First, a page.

Updated: Saturday, 18th November 2017 @ 8:06am

'Dithering' over plain cigarette packaging costs NHS billions, says Manchester MP

'Dithering' over plain cigarette packaging costs NHS billions, says Manchester MP

| By Jack Howson

Government plans to have MPs vote on plain tobacco packaging in the UK are a 'step in the right direction', says Withington MP John Leech.

Mr Leech has previously expressed criticism of cigarette packaging legislation, slamming Labour and the Tories for being influenced by big businesses and trade unions.

According to research by the British Heart Foundation, 570 children in the UK try cigarettes for the first time every day but 36% of teenagers say they are deterred from smoking by standardised packaging.

The MP for the south Manchester constituency of Withington told MM: “I am pleased that the government has pledged to have a vote on this before the General Election.

"I have long called for standardised packaging on tobacco products and today’s announcement is a clear step in the right direction.

“It is time for the Government to stop dithering and bring in legislation which will encourage healthy lifestyles and save the NHS billions in the long run.”

In 2012, Australia became the first country in the world to require all tobacco products to be sold in plain, unbranded packaging. Smoking rates in the country subsequently dropped by 3.4% as a result of the marketing censorship.

Research into the success of Australia’s implementation of the new packaging style revealed that when young people view cigarette packs stripped of colours and logos, they believe the cigarettes are lower quality, will taste worse and are less appealing.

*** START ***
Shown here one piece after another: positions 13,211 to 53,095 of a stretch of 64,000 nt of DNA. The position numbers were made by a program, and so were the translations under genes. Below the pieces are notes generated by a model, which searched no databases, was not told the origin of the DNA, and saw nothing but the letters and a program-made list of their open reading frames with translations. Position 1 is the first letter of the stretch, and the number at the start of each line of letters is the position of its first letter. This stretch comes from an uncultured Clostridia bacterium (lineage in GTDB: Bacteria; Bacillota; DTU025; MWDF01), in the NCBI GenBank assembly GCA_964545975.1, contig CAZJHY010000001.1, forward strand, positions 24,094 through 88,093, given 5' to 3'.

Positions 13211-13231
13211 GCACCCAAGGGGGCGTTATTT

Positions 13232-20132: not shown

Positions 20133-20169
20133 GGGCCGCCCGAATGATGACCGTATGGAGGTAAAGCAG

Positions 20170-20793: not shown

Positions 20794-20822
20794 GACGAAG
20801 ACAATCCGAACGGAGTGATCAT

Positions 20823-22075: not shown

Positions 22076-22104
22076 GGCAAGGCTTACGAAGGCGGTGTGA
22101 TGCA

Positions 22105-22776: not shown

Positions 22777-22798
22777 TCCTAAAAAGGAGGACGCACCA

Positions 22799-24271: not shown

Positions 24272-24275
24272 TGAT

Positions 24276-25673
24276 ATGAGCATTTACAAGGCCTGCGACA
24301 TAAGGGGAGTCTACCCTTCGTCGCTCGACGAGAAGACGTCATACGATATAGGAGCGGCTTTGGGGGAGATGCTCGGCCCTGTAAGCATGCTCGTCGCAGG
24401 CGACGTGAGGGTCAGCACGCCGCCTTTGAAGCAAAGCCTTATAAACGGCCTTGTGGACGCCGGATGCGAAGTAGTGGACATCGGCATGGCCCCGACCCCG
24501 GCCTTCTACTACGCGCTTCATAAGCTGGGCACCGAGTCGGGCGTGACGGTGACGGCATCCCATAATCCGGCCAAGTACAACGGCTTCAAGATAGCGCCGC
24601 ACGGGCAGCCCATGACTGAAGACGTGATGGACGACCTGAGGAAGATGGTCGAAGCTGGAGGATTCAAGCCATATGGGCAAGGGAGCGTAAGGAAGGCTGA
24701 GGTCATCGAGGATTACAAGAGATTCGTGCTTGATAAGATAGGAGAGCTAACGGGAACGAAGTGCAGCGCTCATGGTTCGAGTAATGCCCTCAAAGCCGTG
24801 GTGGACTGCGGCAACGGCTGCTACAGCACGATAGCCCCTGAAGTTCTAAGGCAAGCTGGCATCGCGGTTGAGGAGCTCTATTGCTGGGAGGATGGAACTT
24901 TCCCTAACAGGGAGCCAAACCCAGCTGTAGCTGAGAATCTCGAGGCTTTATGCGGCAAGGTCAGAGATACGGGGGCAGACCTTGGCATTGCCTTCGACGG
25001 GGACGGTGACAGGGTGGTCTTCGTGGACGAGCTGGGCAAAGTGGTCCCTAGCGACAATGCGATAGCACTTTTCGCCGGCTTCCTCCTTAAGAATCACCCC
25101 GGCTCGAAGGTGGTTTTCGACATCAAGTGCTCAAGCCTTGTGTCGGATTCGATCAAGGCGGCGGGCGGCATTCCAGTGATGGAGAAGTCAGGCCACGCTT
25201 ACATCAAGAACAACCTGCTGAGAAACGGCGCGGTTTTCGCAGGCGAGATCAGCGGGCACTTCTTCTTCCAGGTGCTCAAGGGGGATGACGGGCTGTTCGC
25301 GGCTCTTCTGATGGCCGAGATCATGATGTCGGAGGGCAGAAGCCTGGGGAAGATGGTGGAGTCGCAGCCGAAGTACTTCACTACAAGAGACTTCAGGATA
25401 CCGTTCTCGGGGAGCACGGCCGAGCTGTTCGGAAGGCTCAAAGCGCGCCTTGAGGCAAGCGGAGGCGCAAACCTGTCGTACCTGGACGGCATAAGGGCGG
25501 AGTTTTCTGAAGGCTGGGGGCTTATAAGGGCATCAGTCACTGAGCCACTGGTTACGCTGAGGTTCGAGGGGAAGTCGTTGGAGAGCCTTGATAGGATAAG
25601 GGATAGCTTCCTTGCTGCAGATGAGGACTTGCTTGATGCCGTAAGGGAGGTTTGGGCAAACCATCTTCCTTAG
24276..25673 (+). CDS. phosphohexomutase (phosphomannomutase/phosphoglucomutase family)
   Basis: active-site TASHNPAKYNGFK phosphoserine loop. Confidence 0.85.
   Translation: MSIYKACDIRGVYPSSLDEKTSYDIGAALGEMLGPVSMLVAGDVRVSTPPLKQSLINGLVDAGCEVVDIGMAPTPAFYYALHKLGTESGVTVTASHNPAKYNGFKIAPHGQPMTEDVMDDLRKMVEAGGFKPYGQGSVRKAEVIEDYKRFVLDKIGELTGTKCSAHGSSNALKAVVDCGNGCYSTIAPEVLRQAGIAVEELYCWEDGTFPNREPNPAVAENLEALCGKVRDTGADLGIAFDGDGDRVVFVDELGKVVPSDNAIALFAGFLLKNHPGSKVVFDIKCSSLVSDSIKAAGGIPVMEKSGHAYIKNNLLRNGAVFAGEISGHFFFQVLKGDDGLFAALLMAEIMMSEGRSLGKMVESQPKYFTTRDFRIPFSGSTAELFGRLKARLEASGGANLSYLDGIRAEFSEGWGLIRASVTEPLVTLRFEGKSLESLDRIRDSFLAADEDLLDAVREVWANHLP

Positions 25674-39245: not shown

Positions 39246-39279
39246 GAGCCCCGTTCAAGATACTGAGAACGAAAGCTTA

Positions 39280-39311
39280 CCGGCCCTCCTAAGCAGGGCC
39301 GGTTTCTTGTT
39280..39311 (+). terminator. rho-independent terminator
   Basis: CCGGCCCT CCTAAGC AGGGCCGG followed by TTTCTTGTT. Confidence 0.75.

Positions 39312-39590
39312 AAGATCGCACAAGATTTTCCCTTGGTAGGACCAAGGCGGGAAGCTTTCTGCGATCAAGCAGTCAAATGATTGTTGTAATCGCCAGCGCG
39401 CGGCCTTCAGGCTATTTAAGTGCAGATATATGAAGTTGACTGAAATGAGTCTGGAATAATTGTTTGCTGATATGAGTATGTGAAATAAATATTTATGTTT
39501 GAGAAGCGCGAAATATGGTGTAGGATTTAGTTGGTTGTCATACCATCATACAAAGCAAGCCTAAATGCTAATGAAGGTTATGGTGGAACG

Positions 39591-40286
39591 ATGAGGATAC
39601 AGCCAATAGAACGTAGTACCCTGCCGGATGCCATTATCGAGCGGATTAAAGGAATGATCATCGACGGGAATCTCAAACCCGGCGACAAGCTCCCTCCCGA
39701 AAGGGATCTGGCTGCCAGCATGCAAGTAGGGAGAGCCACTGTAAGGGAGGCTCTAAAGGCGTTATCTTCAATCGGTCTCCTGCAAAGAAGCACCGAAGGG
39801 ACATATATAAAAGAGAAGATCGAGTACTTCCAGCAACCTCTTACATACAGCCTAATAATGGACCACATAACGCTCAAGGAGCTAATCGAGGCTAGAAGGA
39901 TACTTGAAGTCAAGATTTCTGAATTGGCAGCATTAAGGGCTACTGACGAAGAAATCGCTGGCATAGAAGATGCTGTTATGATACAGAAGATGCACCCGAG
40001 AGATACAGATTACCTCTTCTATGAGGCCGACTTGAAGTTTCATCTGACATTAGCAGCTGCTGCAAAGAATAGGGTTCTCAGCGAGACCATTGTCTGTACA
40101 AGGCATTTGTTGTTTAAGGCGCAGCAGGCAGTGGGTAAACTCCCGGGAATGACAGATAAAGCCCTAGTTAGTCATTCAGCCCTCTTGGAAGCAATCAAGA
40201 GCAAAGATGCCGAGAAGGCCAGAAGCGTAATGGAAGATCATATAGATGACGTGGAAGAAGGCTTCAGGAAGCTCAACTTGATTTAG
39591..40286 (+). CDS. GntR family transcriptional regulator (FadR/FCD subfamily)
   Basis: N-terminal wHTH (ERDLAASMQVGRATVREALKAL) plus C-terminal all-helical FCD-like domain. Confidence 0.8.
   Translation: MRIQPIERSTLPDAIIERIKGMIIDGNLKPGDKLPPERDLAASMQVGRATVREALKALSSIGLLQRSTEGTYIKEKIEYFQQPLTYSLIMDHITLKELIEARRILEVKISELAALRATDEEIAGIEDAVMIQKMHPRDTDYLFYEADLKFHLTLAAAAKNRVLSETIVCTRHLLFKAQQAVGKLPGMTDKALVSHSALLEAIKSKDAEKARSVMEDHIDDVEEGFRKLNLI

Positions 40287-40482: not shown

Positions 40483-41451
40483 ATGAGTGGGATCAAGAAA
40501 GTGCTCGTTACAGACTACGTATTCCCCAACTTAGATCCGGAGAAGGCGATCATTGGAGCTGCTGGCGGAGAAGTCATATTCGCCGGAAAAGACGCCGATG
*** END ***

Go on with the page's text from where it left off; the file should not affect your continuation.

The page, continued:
Current regulations in Australia require:

• No branding other than the product name in a standard font, size and colour

• Prohibition of all other trademarks, logos, colour schemes and graphics

 

With only the following information permitted:

• Standard shape, size and colour for the pack and contents

• Graphic health warnings covering 75% of the front and 90% of the back of packs

• Qualitative rather than quantitative information on constituents and emissions

• Tax stamps

• Quitline number and web address on all packs

• All packs to be a standard drab brown colour in matt finish

Deborah Arnott, chief executive of the health charity Ash, said: “We won’t be taking anything for granted in the run-up to the final vote. If the regulations do become law this will be the most important public health reform of this parliament.”

Image courtesy of Jadeluxx, with thanks.